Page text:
Environmental activists take Brazilian president Bolsonaro to ICC over ‘crimes against humanity’ for destruction of Amazon
Environmental campaigners have launched an official complaint at the International Criminal Court (ICC), accusing Brazil’s president, Jair Bolsonaro, of “crimes against humanity” for his alleged role in Amazon deforestation.
The request for the ICC to begin legal proceedings against Bolsonaro was made by Austrian climate activists AllRise, marking the first time campaigners have sought to directly link deforestation to fatalities.
“Crimes against nature are crimes against humanity. Jair Bolsonaro is fueling the mass destruction of the Amazon with eyes wide open and in full knowledge of the consequences,” AllRise founder Johannes Wesemann said.
The ICC has a clear duty to investigate environmental crimes of such global gravity.
AllRise’s dossier filed with the ICC claims that actions taken by Bolsonaro and his administration are “directly connected to the negative impacts of climate change around the world,” arguing they have worked to “systematically remove, neuter, and eviscerate laws, agencies and individuals that serve to protect the Amazon.”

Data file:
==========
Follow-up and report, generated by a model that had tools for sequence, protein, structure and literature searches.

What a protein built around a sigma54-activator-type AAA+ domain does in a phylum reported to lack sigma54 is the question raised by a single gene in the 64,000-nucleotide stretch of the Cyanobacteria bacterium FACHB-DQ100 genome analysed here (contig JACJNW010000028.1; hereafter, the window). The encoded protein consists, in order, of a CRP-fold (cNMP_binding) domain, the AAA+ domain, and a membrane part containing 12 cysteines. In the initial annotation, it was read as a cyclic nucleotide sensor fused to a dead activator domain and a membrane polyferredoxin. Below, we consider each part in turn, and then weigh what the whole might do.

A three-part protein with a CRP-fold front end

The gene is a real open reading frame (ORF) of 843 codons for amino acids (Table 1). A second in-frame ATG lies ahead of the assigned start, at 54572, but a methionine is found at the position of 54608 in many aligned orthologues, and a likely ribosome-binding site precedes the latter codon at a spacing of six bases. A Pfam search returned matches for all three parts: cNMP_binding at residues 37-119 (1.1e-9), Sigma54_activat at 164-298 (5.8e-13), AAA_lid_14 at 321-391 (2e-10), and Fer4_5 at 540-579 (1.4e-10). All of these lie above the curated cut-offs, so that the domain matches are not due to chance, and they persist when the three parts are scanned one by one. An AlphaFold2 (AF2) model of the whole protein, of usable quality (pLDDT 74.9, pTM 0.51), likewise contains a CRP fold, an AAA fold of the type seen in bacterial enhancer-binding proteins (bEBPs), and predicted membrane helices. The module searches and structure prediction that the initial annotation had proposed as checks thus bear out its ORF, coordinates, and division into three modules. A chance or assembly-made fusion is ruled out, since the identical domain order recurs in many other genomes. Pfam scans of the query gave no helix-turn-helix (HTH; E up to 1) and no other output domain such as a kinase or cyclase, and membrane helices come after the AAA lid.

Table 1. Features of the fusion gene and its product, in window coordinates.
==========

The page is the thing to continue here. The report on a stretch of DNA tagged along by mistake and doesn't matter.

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Due to the deforestation that has taken place in the Amazon, experts working for AllRise estimate that, with 400,000 hectares of rainforest being lost each year, the environmental impact will cause over 180,000 excess heat-related deaths around the world this century.
This is not the first time that a group has sought to launch a case against Bolsonaro over concerns about his alleged actions in the Amazon, with three other complaints made since 2016. However, the ICC did not proceed with legal proceedings following those requests.
Bolsonaro’s office has not yet publicly responded to the latest attempt to launch a case at the ICC. In the past, he has stated his goal for Brazil to be carbon neutral by 2050 and expressed a desire to end “illegal deforestation” in the Amazon, requesting support from foreign governments to do so. Despite these statements, former Brazilian ministers have argued that deforestation is “not the result of a lack of money” but down to “the government’s deliberate failure of care.”
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